By Peter Bowes
BBC News, Los Angeles
Britney Spears faces a further two court hearings in Los Angeles next week.
One will deal with the ongoing custody battle with her former husband, Kevin Federline.
The other matter concerns the restraining order obtained by the singer's parents against her former manager.
It is anyone's guess whether the troubled pop star will turn up for either hearing.
But one thing is for certain: the LA paparazzi will once again gear up for another potentially wild week, in search of that lucrative snap of the most interesting celebrity on the planet.
Whether Spears really is interesting to us is a matter of opinion.
Kevin Federline and Britney Spears had two sons together
But judging by the relentless, some would say ruthless, way the singer is pursued, the world seems to have an insatiable appetite for the latest titbit of news about the star.
She provides endless hours of water-cooler gossip and tabloid headlines.
"She's her own 24-hour reality television show," says Rob Cohen, who lives in Los Angeles.
"She gives you whatever you want, whenever you want it. She's going to do something new and screwy every second and it's always there."
"You can't avoid it, it's everywhere," adds Christine Roth, Cohen's flatmate. "Everyone's tired of Paris."
'She's like gold'
The Los Angeles paparazzi know they are on to a winner.
In Britney they have a star who almost seems to orchestrate her own tabloid coverage.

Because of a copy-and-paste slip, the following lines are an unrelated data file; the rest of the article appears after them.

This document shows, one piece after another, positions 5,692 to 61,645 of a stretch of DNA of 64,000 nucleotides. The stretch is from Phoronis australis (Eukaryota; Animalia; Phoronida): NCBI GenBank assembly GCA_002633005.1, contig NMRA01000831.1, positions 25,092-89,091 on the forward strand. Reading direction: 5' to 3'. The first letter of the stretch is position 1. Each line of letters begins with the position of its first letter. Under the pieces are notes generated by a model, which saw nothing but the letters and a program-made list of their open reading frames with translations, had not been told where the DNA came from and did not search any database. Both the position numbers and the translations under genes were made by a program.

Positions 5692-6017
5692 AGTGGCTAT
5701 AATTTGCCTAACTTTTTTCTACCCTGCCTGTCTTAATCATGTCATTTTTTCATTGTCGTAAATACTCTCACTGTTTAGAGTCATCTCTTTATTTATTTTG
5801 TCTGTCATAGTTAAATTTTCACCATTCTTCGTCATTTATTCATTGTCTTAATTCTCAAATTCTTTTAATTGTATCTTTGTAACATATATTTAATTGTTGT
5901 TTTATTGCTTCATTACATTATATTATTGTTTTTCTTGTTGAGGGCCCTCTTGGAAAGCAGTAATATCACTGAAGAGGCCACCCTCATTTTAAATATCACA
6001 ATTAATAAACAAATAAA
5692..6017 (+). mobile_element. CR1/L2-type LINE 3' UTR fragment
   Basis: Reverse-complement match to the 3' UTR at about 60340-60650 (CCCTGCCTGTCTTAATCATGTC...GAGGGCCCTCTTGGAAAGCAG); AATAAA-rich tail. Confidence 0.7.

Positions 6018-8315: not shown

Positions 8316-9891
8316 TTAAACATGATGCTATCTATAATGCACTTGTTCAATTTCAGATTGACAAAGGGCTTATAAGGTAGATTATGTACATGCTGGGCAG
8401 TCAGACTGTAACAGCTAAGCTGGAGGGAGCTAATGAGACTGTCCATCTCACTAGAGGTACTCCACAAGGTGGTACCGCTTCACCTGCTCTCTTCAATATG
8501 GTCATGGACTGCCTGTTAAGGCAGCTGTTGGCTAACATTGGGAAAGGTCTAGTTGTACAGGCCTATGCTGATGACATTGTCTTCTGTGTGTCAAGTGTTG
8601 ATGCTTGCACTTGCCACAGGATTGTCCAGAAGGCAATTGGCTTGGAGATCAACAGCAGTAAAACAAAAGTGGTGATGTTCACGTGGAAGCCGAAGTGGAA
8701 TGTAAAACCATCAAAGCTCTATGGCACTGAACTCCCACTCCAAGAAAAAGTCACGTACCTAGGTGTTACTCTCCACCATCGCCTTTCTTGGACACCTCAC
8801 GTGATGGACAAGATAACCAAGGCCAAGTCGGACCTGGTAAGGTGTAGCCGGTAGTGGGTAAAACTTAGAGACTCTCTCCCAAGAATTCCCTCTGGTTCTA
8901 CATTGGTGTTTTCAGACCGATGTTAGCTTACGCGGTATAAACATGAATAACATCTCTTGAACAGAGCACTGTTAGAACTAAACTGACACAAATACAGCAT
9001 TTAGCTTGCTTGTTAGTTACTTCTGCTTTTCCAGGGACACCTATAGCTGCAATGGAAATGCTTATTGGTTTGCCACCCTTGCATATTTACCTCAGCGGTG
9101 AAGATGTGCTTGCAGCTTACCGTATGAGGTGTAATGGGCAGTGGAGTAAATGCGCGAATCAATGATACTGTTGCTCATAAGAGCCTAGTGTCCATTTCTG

Some tabloid agencies have large teams of photographers devoted entirely to hunting down the singer.
"She's like gold in America right now," says Alex Passos, a video photographer who hangs around the singer's home every day, just waiting for the next big chase.
Photographers follow Spears wherever she goes in Los Angeles
"People are excited about what she does, what she buys, where she goes."
Ever since Spears became an overnight sensation with her first big hit, Baby One More Time, she has lived her life in a fishbowl - everyone watching, all of the time.
"I think we're interested in Britney for the same reasons we are interested in a number of celebrities, and that is that they've managed to do something that we all seek to do," says Maggie Carroll, a psychotherapist based in Beverly Hills.
"They've managed to escape the life of the ordinary.
"They've managed to escape a mundane existence and we look to stars to try to figure out what we can do to try to pull off that same thing."
But is Spears' life, as it is today, something to aspire to?
Many observers have long since concluded that she is suffering from a mental disorder.
Every aspect of her wretched existence is picked over and dissected as if world peace depended on it.
"In the case of Britney we're mesmerised, because it gives us some hope that this fallen star has some problems that we too, in spite of our own problems, can overcome our own mundane lives," says Ms Carroll.
"Just simply reading the tabloids is an escape. It's a fantasy, it's like reading a fairytale or Greek or Roman mythology.
"It takes us out of the everyday, out of the predictable, out of our structured lives into something more spectacular."
In recent weeks, the lengths to which the paparazzi are prepared to go to get the photographs which fill the tabloids have come under intense scrutiny.
Some photographers have quit their jobs because they say the business of chasing Spears has become too aggressive.
"This sort of thing is going on because she's one of the top people in the world," says Mr Passos.
"Everyone wants to know about her and that's why it's getting out of hand and dangerous now," he adds.
But he intends to continue doing the job.
"I like these kinds of exciting things. It's like a lifestyle - but not only that, there's good money in this."